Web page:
Those strategies may work with some criminals. However, not all criminals will be phased by such behavior. And these actions can do more harm than good, as you can make it easier for your pursuer to close the distance and confront you.

Keep in mind that some people can attack you even if you are located in a densely populated area, on busy streets, or near shops, restaurants, and other venues.


Call the Authorities

If somebody is following you while walking and you feel in danger or threatened, do not hesitate to call the police or 911, informing them that you are currently being followed.

If you are in any public space or venue such as a restaurant, coffee shop, or shopping mall, you can also talk to the people working there and inform them that you are being followed by somebody and feel in danger.

It is always better to have an extra person on your side who can keep an eye out. They can also assist you in calling the police. Alternatively, you can also call a friend or relative to come and pick you up from the coffee shop or restaurant.


Do Not Assume You Are Safe

If you have managed to shake the person following you off, do not immediately assume you are safe. They may still be following you from a greater distance, or maybe one of their accomplices is following you now, waiting for you to go home or let your guard down.

Remain vigilant, keep an eye on your surroundings and the people and cars around you.

Take the longer route to your home. Walk for a little longer and keep your route unpredictable just to stay on the safe side while checking for any suspicious behavior.


Keep Your Routine Less Predictable in Future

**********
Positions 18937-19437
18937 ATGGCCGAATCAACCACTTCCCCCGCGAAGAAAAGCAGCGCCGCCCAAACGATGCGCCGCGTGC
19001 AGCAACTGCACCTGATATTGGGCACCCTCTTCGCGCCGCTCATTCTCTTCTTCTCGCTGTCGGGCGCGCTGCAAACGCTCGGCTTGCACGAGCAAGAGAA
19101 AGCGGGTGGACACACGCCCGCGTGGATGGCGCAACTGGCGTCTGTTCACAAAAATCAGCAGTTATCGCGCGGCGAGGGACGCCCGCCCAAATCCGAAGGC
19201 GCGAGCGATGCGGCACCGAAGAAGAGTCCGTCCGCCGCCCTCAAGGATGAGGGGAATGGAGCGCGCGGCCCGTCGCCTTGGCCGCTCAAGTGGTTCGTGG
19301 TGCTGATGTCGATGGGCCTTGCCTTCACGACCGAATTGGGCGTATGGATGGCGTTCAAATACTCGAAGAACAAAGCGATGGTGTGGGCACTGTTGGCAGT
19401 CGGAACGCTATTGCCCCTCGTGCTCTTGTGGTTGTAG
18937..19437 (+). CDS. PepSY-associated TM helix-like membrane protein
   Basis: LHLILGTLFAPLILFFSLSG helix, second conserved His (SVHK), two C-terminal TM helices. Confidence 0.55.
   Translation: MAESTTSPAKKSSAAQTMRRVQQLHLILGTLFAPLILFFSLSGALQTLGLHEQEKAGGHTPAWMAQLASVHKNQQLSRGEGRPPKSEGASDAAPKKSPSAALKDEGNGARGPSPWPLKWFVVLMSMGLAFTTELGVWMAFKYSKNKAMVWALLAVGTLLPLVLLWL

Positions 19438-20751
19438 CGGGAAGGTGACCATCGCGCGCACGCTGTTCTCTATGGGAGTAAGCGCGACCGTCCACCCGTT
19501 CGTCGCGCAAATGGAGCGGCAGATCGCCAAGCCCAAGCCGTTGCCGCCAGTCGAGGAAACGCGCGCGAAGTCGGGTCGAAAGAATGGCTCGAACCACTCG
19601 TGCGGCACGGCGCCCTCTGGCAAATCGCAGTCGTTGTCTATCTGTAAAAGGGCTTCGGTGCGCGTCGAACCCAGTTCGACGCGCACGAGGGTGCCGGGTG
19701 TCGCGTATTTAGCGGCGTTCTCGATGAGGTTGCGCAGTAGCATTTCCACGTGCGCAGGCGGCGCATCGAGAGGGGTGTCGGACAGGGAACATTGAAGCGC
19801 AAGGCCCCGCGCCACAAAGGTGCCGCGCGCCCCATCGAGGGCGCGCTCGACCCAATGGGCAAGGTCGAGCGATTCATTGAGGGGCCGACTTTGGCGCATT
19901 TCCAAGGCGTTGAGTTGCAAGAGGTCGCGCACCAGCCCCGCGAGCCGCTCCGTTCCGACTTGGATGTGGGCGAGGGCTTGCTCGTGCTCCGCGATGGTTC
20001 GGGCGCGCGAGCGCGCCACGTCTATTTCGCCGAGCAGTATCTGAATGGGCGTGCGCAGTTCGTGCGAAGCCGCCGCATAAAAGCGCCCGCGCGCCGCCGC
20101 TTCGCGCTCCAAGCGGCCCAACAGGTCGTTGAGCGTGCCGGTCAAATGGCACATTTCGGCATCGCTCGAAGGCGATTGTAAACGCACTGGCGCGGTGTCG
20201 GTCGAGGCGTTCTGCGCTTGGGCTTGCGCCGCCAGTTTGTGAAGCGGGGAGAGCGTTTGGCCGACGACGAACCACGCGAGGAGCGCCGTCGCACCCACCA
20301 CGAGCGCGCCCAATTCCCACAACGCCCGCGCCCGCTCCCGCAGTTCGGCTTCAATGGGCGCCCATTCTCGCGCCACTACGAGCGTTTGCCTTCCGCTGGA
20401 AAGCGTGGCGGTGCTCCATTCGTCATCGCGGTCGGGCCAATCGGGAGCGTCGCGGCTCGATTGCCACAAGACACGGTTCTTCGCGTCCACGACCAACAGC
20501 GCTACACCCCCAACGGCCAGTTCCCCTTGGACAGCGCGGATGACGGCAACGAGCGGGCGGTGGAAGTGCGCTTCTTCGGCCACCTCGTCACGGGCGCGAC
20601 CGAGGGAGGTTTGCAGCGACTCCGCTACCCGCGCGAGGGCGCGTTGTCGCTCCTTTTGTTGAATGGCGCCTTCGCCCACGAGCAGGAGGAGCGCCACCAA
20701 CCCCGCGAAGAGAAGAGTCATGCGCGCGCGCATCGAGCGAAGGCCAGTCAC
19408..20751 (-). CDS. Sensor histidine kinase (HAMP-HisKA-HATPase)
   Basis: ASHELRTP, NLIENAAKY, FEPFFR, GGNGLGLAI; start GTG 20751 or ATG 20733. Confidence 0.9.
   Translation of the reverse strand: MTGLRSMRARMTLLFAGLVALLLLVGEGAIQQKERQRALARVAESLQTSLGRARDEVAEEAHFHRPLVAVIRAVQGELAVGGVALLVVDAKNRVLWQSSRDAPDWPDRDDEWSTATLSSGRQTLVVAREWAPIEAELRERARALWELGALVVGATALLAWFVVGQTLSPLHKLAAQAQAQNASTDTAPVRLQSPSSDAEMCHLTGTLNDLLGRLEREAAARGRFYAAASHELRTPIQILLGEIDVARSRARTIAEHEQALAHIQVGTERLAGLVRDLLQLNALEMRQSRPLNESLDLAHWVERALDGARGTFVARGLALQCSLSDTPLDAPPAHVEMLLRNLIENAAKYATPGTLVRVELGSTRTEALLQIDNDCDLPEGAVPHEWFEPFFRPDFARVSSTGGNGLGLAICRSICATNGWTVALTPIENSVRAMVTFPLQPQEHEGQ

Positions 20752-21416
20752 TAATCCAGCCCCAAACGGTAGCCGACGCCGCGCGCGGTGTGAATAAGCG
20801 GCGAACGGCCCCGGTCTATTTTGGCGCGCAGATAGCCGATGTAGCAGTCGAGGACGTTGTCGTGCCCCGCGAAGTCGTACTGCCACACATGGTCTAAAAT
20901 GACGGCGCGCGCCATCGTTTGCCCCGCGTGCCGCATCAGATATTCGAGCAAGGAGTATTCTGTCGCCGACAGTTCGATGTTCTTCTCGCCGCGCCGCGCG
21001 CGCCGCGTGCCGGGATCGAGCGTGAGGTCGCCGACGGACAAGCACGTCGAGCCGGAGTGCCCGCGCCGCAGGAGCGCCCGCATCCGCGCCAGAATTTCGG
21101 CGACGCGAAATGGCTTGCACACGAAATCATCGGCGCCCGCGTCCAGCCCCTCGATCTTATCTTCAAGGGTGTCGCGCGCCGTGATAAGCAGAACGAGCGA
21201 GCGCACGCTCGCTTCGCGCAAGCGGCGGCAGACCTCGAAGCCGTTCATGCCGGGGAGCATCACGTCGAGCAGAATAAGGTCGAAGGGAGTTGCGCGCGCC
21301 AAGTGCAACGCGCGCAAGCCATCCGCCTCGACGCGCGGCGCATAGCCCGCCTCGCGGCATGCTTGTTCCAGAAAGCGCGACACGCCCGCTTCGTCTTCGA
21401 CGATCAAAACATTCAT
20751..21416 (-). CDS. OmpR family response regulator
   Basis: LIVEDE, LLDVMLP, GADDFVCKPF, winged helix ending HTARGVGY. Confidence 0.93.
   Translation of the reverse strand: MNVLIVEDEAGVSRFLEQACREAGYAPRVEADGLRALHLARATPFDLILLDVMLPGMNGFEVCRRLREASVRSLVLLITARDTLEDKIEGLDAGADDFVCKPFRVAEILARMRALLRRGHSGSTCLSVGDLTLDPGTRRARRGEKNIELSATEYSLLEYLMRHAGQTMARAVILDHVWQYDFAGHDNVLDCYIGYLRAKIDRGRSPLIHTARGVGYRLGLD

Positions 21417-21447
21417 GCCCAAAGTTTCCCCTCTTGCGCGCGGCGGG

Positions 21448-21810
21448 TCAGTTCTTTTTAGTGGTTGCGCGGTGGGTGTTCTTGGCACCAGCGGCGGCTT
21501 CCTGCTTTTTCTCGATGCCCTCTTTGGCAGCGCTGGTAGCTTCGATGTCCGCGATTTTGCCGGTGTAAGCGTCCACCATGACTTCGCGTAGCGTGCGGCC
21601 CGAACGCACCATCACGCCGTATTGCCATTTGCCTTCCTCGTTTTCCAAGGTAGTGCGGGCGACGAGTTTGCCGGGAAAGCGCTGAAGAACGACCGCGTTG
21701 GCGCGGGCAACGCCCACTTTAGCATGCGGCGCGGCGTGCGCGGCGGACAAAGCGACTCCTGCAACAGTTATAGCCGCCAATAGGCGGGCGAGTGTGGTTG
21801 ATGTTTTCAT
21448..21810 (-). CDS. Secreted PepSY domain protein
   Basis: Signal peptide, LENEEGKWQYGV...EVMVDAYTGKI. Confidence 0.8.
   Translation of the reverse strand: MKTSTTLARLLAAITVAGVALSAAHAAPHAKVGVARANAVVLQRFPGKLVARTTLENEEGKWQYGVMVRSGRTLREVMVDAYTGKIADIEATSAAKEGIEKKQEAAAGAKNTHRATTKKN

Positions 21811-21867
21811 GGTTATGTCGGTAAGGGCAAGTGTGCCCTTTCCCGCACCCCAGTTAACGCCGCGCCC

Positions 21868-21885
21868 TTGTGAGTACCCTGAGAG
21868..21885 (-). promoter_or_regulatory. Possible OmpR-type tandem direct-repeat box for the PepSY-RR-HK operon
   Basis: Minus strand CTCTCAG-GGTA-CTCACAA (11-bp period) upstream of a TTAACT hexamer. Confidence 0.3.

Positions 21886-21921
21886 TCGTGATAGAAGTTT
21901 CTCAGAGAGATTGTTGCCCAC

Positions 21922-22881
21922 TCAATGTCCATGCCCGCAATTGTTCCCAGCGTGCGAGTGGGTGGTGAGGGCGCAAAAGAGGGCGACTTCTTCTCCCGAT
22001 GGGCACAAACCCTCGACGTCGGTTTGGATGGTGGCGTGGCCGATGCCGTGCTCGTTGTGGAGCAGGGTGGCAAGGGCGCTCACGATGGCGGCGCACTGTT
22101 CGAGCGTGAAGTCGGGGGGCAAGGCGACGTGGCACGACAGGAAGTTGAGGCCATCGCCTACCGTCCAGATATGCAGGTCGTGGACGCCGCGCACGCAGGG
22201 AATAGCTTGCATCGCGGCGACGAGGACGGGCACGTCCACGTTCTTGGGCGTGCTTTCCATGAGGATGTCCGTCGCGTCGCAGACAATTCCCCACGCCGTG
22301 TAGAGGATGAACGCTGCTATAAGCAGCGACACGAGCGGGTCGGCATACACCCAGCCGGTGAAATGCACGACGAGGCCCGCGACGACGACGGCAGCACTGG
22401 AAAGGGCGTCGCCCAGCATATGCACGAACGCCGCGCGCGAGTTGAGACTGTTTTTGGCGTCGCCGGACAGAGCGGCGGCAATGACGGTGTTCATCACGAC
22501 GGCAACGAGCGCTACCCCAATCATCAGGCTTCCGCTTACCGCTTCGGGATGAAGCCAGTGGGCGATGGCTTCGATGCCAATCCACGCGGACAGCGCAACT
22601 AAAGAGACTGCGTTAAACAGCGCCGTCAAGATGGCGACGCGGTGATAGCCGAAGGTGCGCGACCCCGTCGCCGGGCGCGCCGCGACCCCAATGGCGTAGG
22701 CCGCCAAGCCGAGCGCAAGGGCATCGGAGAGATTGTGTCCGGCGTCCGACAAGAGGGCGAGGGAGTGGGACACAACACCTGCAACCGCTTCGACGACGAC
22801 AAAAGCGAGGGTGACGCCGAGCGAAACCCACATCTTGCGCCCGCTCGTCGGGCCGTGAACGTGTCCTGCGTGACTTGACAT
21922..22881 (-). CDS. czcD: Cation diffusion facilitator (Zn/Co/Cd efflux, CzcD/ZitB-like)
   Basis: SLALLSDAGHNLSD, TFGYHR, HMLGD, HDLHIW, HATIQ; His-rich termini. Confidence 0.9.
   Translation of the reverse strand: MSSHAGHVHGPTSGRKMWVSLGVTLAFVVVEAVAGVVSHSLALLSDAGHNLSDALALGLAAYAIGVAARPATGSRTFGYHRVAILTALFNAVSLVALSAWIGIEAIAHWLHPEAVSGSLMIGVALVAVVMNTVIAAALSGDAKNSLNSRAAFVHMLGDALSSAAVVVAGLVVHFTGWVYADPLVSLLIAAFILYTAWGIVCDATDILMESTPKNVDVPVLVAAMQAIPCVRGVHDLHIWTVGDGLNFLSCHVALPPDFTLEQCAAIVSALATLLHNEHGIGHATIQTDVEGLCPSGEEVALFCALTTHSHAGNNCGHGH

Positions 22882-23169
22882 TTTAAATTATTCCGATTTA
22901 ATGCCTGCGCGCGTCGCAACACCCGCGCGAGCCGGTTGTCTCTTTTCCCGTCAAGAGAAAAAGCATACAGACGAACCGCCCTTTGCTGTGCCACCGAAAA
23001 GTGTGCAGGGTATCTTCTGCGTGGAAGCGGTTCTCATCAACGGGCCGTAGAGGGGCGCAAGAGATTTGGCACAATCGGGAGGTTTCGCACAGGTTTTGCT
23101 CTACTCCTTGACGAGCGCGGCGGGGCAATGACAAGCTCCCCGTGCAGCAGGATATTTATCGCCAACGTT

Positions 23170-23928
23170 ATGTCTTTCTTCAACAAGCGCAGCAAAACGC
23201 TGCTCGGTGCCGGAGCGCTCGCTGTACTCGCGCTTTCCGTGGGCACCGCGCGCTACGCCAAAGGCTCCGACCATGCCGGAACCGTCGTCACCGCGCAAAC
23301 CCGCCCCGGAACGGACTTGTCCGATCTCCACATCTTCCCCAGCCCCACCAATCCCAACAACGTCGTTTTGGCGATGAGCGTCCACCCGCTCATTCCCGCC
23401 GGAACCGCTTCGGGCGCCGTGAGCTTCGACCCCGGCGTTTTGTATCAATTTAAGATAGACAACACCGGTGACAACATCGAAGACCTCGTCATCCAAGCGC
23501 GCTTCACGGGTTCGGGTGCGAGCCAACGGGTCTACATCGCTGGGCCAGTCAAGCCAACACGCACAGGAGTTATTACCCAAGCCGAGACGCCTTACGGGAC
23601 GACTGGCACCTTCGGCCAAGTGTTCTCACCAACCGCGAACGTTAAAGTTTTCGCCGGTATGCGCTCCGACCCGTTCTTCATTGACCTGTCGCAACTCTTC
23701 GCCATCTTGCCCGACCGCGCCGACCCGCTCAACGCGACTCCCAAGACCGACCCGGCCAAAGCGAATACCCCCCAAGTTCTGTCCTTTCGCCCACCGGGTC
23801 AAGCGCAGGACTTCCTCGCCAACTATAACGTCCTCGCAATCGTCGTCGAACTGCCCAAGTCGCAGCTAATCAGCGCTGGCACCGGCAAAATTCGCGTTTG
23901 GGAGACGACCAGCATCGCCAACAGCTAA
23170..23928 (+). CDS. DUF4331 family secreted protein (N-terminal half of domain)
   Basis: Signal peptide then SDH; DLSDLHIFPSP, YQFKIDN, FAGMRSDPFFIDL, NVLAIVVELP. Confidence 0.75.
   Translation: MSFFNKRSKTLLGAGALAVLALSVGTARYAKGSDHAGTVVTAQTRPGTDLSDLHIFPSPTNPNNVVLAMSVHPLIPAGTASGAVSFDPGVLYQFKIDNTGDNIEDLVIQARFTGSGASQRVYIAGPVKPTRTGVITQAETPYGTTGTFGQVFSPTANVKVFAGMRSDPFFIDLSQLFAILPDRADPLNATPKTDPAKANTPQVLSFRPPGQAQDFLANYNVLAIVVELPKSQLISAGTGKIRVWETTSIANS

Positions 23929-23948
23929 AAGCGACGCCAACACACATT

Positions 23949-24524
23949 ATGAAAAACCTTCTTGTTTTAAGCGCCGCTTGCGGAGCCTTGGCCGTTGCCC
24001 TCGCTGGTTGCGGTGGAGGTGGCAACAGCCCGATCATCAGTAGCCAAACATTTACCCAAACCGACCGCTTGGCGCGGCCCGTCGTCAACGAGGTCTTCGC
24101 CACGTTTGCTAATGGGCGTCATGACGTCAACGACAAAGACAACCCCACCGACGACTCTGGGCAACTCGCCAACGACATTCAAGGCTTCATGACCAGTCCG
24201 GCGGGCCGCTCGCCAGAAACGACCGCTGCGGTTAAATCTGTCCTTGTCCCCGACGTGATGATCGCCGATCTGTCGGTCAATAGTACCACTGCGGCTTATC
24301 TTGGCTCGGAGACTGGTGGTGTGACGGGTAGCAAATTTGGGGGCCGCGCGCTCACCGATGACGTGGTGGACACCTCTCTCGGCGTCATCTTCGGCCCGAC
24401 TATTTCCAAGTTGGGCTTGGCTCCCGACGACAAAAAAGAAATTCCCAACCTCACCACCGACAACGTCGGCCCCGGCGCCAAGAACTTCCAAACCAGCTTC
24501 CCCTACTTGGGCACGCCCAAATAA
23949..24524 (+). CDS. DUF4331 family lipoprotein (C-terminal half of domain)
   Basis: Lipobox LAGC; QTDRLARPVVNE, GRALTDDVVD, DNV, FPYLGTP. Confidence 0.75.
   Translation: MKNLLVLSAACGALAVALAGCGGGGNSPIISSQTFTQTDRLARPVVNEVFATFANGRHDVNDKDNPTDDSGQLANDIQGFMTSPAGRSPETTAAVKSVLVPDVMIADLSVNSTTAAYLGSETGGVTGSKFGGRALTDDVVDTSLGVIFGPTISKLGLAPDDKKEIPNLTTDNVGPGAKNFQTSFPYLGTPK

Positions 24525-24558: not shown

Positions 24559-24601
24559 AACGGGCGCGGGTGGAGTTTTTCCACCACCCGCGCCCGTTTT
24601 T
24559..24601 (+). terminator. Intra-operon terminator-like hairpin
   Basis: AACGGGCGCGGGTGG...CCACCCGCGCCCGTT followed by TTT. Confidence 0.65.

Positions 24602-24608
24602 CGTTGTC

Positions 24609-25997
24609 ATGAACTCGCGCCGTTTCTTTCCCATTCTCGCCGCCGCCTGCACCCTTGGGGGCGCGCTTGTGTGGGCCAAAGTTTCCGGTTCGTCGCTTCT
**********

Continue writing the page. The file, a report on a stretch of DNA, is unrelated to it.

Keep your routine and the routes you take less predictable.

Keep in mind that some criminals may be hanging around the same areas looking for victims, and despite knowing you are not an easy target, they can try to follow you again.


9 Things To Do If Someone Is Following You In A Car

What To Do When An Intruder Is In Your Home?

Photo of author


Edward Clark
Edward Clark, with 15 years of hands-on experience, is a distinguished expert in smart locks and home security systems. He holds a B.S. in Computer Engineering with a focus on Cybersecurity and is a member of the Electronic Security Association (ESA). His credentials include certifications from ASIS International, IAPP, CompTIA, NTS, and CEDIA. With expertise spanning risk management, electronic security, and data privacy, he's been featured in The Guardian, Forbes, Wired, and more. Edward's mission: guiding individuals toward secure homes using the latest technologies.

2 thoughts on “What to Do if Someone Is Following You While Walking?”

  1. This is a great website (essay? Idk what to call it). I had an experience being followed during on a walk (the man was driving a car), and I had never been more terrified in my life. I ended up managing too lose him by going through a “non-driving” area.
    The tips written above are really smart, and I used several of these during my experience.

    • Thank you, I’m glad you found it helpful. And I’m really sorry to hear that you had such a scary experience. That sounds really terrifying and I can imagine that it may have been very upsetting for you.


Leave a Comment